Question about that masthead attachment. Iím all for making more sell area like that. Is that not an issue? I remember in a rigging thread I had going people were concerned that my Mast is going to fall down. (What else is new ?) because I have a standard fractional rig that has a forestay, two cap shrouds and two lower shrouds. So they figured it was going to collapse forward without some additional rope stays that go aft like running backstays. I see you donít have those and your spinnaker is attached at the masthead. Itís all good that way?

The spinnaker is not huge, but big enough that as soon as it supports its own weight (around 4 knots AWS) it can move the boat well - just parallax error I guess.

Good enough.

We only set it from the masthead halyard in <15 knots TWS; anything more than that and we shift it to the gennaker halyard (which we did a few hours later as the sea breeze built). At least until we mount running backstays at the masthead (through bolt and a pair of Cheeky Tangs, then down to the same tackle as the existing running backstays). Between the jumper stays and topping lift the top of the mast is reasonably supported. Plus the mast section doesnít taper. But we can see it move during gusts.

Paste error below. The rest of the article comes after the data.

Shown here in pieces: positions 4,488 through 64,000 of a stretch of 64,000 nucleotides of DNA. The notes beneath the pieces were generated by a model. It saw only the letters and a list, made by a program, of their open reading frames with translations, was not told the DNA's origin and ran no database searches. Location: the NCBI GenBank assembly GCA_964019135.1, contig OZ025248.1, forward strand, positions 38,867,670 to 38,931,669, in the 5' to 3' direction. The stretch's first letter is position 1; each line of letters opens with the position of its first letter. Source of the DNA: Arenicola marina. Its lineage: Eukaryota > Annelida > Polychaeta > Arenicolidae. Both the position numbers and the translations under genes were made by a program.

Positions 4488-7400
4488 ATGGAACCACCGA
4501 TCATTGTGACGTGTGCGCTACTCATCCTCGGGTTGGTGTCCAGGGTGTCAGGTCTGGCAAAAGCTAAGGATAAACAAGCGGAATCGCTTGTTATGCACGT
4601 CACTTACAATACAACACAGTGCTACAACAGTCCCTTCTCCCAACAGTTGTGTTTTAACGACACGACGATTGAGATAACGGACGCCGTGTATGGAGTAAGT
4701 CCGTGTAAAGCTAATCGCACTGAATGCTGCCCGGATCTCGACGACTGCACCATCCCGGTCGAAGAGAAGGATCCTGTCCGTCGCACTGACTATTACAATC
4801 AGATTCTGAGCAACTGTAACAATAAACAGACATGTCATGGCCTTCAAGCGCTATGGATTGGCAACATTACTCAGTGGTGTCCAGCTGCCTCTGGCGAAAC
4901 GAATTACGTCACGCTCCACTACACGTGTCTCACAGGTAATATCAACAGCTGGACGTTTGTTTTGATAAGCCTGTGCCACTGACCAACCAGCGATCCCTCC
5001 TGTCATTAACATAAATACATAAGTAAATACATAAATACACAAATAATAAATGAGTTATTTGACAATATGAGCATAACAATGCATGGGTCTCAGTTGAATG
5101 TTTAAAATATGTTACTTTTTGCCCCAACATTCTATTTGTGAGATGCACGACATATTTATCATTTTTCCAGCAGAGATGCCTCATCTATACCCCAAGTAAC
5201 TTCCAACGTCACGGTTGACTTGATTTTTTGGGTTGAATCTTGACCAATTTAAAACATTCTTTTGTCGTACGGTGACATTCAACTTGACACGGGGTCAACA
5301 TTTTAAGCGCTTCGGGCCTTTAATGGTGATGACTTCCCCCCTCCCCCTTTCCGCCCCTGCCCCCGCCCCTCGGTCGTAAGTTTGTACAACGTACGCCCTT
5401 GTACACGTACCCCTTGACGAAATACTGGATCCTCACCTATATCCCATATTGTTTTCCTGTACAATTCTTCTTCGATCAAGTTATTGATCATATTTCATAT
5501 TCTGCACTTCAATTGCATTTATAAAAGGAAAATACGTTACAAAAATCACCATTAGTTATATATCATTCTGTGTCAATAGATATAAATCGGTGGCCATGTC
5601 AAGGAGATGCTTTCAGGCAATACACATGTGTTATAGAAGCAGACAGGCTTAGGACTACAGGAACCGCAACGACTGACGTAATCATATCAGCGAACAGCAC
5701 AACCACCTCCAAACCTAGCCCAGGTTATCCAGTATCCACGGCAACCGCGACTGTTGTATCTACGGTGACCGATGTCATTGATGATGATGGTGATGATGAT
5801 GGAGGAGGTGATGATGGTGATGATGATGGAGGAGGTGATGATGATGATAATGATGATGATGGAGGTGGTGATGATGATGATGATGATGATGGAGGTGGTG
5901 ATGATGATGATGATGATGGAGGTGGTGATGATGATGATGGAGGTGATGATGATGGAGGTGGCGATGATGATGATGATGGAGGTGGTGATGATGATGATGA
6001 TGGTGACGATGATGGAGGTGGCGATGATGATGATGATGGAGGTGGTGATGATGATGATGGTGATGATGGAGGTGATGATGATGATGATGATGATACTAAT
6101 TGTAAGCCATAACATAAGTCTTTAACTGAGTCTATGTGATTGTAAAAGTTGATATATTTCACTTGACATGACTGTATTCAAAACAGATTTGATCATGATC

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Old 13-01-2023, 15:24   #53
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Re: Symmetric or Asymmetric Spinnaker for Simplicity?

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Originally Posted by Sailor Sailor View Post
On a 50 foot catamaran, I would say neither. On a 25-40 foot boat, both. The symmetrical is great for DDW and broad reaches. The asymmetrical is great for beam reaches. I have 2 asymmetricals and one symmetrical on mine.



The problem is a spinnaker is a large billowing sail which doubles the normal, working sail area of your boat. In addition, there is always the prospect of some control and rigging problems. Properly rigged and handled, a spinnaker creates an exciting and challenging sail when you might otherwise have to motor. Jibes in heavy air are particularly exciting and fraught with danger.